HATTIESBURG, MS - As the stunning flips and tricks of the 2018 Winter Olympics played out from South Korea over the past couple of weeks, we've watched and cheered on Team U.S.A. to bring home the gold.
What you might not know is the University of Southern Mississippi had a hand in the huge strides to keep the event safe and secure for athletes and spectators on the other side of the world. The National Center for Spectator Sports Safety and Security, or NCS4, played a role in training security for the Winter Olympics.
"As time moves on and we look at technology on a positive side, there are some great opportunities coming down the road," said Lou Marciani, Director of NCS4.
The NCS4 based out of Southern Miss is the nation's only research center committed to studying and practicing sports safety and security.
"If you were to tell me I would be able to control something that flies, whether it be from my iPhone, I would look at you like you have a third eye," said Dan DeMott, USM's Technology Manager.
"We're seeing some great opportunities, particularly in the sports like marathon, drones have played a key role in saving lives," Marciani said.
The expertise of the team at NCS4 to solve problems using technology in a world with emerging security needs is recognized all over, even in South Korea, where athletes are sliding down slopes to their victories.
"About seven years ago when South Korea earned the candidacy for the Olympics, the committee reached out to NCS4 to ask if we could have Dr. Yung Lee come for a year to study with us," Marciani said.
A representative took back training from right here to help train some of the 60,000 security forces deployed to protect athletes and onlookers in Pyeongchang.
"A lot of good things come about being able to secure an area or venue within a national event of significance to get another set of eyes to expand that security area to identify threats before they even approach," DeMott said.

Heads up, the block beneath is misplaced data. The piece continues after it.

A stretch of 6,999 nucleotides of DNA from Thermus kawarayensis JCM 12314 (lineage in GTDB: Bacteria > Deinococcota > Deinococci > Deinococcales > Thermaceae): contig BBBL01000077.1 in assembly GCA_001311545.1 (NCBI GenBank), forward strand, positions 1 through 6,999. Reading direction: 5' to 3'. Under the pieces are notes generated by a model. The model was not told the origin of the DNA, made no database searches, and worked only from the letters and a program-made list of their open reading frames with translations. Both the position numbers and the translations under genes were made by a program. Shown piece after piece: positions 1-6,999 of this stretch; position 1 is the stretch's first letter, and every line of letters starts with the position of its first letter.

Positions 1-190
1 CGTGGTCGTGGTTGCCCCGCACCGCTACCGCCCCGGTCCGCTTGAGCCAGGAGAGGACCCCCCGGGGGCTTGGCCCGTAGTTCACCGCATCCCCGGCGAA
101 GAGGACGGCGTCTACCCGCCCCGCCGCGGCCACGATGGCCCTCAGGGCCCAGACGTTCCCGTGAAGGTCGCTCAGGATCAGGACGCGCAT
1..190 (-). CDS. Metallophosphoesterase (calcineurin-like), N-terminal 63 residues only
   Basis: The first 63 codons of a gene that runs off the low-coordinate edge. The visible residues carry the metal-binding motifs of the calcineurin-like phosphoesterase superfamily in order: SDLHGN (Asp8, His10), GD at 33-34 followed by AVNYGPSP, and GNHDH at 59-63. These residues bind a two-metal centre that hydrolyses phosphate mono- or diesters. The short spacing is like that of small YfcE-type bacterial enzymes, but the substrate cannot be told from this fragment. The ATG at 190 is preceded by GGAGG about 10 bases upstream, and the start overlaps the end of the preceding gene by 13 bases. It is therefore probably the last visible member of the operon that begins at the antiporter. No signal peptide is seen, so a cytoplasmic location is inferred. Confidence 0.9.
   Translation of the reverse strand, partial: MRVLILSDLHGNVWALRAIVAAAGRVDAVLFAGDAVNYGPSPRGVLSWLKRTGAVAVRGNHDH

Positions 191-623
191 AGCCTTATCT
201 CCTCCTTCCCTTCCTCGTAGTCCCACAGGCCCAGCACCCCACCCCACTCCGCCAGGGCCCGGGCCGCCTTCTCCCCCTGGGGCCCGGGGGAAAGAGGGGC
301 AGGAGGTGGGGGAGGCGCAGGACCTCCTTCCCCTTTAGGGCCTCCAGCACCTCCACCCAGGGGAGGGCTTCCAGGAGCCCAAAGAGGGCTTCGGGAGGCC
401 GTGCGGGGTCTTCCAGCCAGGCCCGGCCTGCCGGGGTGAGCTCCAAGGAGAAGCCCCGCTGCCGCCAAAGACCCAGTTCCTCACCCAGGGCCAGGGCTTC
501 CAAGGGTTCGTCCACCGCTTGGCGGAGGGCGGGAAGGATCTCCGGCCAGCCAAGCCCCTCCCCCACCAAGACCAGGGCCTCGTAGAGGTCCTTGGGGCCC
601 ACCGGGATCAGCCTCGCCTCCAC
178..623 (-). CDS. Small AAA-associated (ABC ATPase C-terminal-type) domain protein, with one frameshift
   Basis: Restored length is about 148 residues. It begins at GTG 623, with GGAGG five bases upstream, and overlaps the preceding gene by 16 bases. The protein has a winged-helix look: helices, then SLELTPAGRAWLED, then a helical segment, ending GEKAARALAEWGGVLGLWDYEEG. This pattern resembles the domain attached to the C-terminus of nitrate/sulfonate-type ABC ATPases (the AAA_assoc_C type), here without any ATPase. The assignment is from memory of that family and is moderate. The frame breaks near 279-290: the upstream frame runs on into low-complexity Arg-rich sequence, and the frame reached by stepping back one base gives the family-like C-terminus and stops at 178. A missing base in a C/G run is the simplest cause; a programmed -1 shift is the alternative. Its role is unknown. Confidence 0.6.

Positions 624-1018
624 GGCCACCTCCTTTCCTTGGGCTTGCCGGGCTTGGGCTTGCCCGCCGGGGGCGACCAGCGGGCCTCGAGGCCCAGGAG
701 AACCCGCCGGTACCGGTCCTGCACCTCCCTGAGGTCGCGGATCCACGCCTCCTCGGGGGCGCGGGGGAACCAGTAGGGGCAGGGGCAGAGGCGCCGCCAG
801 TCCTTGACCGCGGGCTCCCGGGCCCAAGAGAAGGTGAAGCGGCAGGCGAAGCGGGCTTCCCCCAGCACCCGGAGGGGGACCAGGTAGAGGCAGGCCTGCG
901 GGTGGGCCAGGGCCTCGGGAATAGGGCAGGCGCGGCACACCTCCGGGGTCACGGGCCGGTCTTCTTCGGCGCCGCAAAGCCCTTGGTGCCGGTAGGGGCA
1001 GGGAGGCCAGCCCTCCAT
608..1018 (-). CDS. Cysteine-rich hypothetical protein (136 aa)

"We know we had something to do with the curriculum," Marciani said. "Some of the technology was tested here. We have a relationship going into the event and played a role to make that event safe."
While watching the figure skaters gracefully spin on ice or the hockey players bump heads to score, the drone-catching-drones, face recognition scanners and sensor systems are in place in case of the unexpected.
"To see the fruits of our efforts with him, it was a wonderful experience to have him here and educate him on the way we manage safety and security in the U.S. as well," Marciani said.
In a future filled with technology, NCS4 out of Southern Miss is ahead of the game.
"To be able to use another UAS [unmanned aircraft system] to catch another UAS that's targeted to create havoc on a situation such as the Olympics is outstanding," DeMott said.
"We have a little bit to do with his expertise bringing it back to South Korea," Marciani said. "We are here to be the flying eagle of the industry."
Southern Miss has the only MBA in the country with an emphasis on sports security. The department is becoming so well respected, they are getting demands from all over the world to assist with the security of entertainment events and festivals.